WASHINGTON In an effort to fix the problems at the Food and Drug Administration regarding inspections and the safety of drugs being imported into the country, the Senate passed a budget resolution on Friday to give the agency an additional $375 million, a 20 percent increase over this year, according to The New York Times.
One number showed that, while there are 566 plants in China—where the recent heparin scare occurred—that export drugs to the U.S., only 13 of them were inspected by the FDA last year.
The agency does not have the money to inspect many more, and the Bush administration has no plans to fix this problem. The administration’s budget calls for a 3 percent increase in allocated funds next year, not enough to keep up with rising costs.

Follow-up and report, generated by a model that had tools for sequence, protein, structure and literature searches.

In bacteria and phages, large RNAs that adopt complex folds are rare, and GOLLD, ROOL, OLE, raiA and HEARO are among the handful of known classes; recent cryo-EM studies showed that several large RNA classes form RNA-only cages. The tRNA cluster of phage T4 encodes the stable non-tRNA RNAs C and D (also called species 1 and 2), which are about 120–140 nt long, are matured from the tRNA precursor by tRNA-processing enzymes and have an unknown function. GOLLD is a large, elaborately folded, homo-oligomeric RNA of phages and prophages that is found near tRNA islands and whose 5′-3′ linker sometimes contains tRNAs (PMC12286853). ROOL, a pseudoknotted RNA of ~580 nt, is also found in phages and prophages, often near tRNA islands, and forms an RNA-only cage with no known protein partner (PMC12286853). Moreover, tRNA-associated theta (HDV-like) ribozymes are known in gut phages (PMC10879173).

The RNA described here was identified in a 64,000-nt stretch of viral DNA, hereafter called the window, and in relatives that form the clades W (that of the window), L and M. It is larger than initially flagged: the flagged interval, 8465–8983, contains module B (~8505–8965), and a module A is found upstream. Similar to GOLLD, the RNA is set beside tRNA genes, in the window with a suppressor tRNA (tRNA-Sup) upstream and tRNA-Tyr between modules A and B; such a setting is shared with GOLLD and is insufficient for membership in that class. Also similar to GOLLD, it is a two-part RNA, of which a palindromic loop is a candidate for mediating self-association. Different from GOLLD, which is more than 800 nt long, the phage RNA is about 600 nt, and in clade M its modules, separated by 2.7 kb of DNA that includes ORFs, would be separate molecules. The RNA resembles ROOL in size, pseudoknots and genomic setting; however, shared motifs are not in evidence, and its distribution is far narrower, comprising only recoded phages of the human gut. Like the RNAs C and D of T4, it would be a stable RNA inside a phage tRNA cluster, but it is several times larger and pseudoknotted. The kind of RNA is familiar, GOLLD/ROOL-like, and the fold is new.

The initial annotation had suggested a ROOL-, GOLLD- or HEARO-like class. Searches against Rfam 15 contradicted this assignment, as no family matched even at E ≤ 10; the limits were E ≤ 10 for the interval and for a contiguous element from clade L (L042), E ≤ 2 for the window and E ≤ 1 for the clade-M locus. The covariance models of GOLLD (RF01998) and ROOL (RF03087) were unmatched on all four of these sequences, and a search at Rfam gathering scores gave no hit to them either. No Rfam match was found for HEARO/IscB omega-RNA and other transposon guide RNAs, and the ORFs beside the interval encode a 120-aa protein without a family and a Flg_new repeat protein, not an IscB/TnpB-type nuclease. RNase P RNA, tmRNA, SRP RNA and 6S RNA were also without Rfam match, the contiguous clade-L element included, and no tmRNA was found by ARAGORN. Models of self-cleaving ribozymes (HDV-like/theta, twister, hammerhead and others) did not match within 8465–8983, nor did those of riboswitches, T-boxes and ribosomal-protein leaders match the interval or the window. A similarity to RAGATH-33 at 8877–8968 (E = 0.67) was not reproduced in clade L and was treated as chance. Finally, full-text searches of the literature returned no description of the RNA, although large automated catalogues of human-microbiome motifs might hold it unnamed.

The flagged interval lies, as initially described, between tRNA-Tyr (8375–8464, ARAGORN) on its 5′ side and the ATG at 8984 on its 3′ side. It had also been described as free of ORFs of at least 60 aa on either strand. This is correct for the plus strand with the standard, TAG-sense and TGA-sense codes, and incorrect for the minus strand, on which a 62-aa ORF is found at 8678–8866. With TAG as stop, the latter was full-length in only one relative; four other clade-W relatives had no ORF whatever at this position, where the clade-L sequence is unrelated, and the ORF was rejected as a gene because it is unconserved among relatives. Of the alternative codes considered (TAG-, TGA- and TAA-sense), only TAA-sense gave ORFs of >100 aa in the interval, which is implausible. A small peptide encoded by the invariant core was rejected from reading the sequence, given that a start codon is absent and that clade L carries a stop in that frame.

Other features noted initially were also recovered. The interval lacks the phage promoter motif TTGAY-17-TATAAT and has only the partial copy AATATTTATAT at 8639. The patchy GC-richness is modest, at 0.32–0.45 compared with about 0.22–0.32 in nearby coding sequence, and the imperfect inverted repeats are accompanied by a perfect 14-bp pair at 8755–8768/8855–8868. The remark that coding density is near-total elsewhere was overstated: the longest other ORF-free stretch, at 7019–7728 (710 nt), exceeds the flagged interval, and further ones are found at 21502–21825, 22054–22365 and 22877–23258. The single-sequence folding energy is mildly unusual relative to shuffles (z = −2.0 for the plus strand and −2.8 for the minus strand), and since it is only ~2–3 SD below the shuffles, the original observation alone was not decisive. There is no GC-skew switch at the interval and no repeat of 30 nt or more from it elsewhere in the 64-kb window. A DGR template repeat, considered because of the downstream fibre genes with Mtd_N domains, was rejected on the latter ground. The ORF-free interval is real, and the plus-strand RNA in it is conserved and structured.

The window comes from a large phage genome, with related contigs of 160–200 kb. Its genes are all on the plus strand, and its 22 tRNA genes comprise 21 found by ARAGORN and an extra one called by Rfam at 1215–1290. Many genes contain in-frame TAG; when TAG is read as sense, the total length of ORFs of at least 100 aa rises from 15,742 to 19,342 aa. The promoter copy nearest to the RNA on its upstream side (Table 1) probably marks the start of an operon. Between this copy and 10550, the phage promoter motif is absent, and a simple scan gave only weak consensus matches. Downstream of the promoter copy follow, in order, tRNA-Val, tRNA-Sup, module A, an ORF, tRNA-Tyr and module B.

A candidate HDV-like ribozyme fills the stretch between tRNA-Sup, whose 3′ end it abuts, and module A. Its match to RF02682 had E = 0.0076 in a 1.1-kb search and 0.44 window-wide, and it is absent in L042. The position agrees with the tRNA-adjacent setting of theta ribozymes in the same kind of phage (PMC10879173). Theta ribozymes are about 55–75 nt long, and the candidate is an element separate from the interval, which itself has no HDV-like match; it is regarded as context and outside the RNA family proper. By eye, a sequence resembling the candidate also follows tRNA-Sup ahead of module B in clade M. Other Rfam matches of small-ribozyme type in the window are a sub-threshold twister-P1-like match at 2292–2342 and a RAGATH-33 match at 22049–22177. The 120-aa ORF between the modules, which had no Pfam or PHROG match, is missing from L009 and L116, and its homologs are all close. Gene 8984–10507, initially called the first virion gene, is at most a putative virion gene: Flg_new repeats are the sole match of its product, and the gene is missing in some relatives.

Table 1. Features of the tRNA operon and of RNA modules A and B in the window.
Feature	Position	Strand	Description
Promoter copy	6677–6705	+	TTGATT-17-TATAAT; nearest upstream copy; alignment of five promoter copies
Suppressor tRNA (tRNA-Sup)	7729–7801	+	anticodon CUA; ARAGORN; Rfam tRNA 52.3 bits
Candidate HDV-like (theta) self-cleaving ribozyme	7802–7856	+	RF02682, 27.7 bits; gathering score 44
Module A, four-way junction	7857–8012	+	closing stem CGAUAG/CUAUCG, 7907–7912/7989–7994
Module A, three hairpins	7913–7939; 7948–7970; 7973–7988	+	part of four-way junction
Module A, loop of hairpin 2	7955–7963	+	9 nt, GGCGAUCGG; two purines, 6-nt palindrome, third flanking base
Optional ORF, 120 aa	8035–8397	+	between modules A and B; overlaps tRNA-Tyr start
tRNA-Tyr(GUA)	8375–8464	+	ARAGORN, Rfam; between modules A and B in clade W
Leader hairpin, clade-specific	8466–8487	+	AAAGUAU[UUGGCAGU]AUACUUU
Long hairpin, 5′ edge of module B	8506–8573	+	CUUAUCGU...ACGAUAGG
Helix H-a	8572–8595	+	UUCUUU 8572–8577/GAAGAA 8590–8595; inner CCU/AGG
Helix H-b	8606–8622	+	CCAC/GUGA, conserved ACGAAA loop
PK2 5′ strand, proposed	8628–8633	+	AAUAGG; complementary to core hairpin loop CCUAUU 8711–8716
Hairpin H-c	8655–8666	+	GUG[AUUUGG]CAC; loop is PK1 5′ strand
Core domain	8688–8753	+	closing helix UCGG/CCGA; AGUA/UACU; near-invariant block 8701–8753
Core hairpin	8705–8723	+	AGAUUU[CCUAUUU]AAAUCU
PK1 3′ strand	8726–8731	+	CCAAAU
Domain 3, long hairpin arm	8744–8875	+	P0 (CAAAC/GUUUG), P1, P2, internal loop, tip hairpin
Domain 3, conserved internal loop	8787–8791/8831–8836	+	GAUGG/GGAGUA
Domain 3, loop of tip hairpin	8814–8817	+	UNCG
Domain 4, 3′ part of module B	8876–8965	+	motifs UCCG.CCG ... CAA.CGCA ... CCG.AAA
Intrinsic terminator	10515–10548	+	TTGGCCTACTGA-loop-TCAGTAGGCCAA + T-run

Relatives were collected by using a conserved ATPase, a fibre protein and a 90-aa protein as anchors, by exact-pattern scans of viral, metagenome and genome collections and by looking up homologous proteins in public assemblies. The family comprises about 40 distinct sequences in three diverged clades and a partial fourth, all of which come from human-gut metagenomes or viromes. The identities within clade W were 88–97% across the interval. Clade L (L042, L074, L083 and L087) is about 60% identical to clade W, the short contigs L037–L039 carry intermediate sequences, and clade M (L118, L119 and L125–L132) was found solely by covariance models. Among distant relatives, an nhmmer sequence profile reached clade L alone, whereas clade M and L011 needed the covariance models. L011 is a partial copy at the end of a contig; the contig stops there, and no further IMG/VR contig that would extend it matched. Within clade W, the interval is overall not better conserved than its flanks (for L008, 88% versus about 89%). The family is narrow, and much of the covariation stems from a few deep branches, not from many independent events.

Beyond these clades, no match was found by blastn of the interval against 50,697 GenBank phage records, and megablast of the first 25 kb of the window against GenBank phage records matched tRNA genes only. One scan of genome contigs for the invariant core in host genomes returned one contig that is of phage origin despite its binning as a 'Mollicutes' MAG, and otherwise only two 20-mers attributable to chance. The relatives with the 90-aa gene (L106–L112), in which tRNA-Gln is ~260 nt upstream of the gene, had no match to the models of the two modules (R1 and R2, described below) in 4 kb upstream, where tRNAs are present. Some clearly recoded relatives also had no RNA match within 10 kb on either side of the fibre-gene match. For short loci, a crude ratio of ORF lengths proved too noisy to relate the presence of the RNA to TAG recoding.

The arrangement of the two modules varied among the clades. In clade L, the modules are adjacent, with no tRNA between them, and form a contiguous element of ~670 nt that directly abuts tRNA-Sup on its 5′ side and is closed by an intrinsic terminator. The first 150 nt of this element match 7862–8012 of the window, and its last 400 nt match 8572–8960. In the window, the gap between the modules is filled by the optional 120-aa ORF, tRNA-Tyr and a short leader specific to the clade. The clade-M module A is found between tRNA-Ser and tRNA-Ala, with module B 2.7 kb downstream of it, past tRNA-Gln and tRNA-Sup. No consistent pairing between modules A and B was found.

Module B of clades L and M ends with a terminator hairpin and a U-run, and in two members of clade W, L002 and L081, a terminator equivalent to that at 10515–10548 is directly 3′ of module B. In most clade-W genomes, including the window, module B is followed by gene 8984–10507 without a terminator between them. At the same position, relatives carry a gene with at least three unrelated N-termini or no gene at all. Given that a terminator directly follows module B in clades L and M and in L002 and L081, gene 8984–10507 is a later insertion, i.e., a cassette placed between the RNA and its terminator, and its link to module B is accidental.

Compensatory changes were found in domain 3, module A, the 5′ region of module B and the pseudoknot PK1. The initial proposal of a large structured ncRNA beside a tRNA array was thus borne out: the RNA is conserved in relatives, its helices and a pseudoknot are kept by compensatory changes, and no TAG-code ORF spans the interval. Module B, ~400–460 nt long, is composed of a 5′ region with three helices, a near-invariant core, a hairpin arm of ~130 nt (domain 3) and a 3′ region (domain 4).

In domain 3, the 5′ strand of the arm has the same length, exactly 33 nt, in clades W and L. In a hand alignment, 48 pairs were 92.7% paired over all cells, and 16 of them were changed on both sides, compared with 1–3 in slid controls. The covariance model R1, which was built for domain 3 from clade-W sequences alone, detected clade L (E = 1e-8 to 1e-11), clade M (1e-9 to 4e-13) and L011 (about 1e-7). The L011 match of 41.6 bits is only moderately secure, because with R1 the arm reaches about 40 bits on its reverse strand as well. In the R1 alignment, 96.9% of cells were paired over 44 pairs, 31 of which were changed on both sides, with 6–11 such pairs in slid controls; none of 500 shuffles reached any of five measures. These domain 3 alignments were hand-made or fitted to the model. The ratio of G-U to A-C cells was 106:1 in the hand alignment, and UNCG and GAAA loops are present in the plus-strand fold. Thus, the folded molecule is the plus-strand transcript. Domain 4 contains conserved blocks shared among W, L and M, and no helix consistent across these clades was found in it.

“Congress has a responsibility to close the glaring gaps in food and drug safety that have begun to overwhelm the FDA,” said Sen. Edward Kennedy, D-Mass., who pushed for the new financing.
But the money is not assured, as President Bush has threatened to veto appropriations that go beyond his requests.
With this uncertainty, many in Congress have considered using a user-fee system to pay for foreign inspections. “Why should the taxpayer pay for these inspections so that you can close a plant here and open it over there to ship it back?” Sen. Bart Stupak, D-Mich. said. “It will be sustainable income so that we don’t have to get into these budget battles every year.”
But even this idea has received criticisms from other groups, such as Public Citizens. It argues that it would be a “terrible idea” because it would lead the agency to become lax with those who pay their salaries.